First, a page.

The second question should be "How would lighting help to reduce the crime or the risk of crime?" Many of the resources at the end of this paper can suggest the appropriate connections. For example, if lighting attracted more users to a park, that would increase the surveillance of the park, which would make it riskier for criminals to prey on the park's users. But if fights between friends are the cause of concern, is it reasonable to think that more or better lighting would stop these quarrels? Being clear about how the lighting should work will help to strengthen its design and ensure that the least intrusive lighting necessary is used. Part of answering this question is to answer a related question: "What other strategies might be used to prevent or reduce the problem?" Crime prevention through environmental design and situational crime prevention offer a host of strategies to explore (Clarke, National Crime Prevention Council).

 

If the tasks of the lighting are surveillance and deterrence (which are generally related), it is important to ask "Who will be there to see it?" If the area is a business office park, it is much less likely that passers-by will be present at 8:00 or 9:00 p.m. than if the area is a shopping mall. If the area is a city park, it might be argued that improved lighting will itself attract people to the area and thereby increase surveillance. Whatever the location, though, the follow-on question must be asked: "Can/will the observer report it? If reporting is unlikely, the value of lighting for surveillance needs to be reassessed. Remember, however, that surveillance needs may be intermittent. Ongoing lighting may be necessary, for example, to accommodate users of bus stops, subway stations, and parking garages, even if the users are not always present.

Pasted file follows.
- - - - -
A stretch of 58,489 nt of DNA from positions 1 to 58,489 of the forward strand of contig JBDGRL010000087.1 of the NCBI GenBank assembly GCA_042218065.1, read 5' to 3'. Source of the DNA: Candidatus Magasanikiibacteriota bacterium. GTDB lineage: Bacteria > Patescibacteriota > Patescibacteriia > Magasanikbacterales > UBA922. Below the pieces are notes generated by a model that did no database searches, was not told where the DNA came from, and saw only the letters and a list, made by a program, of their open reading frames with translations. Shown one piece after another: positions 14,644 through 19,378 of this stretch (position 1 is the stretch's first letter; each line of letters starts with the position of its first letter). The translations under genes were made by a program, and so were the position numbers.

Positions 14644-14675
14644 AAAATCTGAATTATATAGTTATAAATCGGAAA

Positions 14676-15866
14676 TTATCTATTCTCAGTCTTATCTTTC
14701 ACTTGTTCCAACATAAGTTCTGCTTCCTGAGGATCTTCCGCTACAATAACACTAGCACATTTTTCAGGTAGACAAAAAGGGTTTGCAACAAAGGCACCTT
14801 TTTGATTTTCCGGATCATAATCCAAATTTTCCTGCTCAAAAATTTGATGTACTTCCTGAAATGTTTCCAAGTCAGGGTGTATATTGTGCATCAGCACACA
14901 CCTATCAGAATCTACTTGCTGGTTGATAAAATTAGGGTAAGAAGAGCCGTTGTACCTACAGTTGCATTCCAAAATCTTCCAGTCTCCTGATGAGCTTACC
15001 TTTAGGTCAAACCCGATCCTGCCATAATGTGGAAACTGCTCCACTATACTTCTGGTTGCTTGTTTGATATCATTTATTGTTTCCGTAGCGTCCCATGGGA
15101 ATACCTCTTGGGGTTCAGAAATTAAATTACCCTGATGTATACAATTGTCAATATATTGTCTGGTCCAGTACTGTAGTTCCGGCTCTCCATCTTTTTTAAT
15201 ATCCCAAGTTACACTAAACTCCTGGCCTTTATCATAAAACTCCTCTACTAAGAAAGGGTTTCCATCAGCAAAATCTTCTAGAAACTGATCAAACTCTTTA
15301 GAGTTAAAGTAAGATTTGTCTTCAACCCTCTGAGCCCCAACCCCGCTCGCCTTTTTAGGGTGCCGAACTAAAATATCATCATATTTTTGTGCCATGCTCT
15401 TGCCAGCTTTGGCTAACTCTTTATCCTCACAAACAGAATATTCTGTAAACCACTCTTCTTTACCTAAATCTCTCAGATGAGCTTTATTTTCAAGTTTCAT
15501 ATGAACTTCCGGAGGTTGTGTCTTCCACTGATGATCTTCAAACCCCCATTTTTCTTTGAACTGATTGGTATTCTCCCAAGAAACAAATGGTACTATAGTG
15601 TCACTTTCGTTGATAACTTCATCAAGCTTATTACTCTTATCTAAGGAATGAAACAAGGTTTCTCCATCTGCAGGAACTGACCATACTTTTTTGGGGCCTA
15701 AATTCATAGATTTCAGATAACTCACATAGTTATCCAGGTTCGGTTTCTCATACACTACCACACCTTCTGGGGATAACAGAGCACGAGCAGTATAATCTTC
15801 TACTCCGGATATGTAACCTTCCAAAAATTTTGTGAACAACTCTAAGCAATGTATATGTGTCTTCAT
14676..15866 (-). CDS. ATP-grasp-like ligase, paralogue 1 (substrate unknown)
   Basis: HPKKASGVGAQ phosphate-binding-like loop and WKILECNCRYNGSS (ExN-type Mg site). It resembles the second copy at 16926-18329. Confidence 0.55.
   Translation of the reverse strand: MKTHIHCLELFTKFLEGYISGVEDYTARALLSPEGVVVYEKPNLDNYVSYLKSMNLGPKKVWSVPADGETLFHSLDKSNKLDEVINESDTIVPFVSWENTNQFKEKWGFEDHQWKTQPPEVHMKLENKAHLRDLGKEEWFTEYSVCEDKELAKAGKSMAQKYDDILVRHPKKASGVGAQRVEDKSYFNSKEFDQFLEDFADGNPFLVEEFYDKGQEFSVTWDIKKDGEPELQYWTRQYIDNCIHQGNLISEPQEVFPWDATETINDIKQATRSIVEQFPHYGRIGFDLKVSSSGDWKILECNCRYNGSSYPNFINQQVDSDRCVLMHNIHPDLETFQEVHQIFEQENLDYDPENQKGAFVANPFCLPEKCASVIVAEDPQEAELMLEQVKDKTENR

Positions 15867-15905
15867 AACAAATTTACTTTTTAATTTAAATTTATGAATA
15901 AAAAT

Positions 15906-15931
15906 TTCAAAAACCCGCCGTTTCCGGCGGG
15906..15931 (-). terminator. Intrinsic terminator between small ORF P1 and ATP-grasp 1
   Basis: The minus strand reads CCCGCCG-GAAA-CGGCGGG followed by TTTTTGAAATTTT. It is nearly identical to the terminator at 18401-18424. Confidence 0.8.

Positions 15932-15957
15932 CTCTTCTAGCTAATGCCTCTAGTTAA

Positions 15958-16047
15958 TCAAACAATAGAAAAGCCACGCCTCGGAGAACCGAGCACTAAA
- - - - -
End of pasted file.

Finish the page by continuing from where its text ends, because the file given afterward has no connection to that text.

Some attention needs to be paid to surrounding areas and those who walk, bike, or drive past the site. The appropriate question is "Will the lighting cause glare, distraction, or disruption to those who live and work nearby and those who pass by?" On the other hand, trees that will leaf out or bushes that will block light may influence the placement of lighting and its related impacts, to name just one environmental consideration.

 

Given that resources are scarce, another consideration must enter the picture: "Is the installation of lighting in this situation cost effective? Are there less costly solutions?" Answering this question may require help from lighting engineers and crime analysts as well as crime prevention specialists. Answering these questions thoughtfully will not produce a specific lighting design, but it will produce the base from which a relevant, cost-effective, problem-solving design can be created.

4. Key Questions

  • What are we trying to prevent? What are we trying to create?
  • How would lighting work to reduce the crime or the risk of crime? What other strategies might be used to prevent or reduce the problem?
  • Who will be there to see it? Can/will the observer report it?
  • Will the lighting cause glare, distraction, or disruption to those who live and work nearby and those who pass by?
  • Is the installation of lighting in this situation cost effective? Are there less costly solutions?

5. But Will It Work?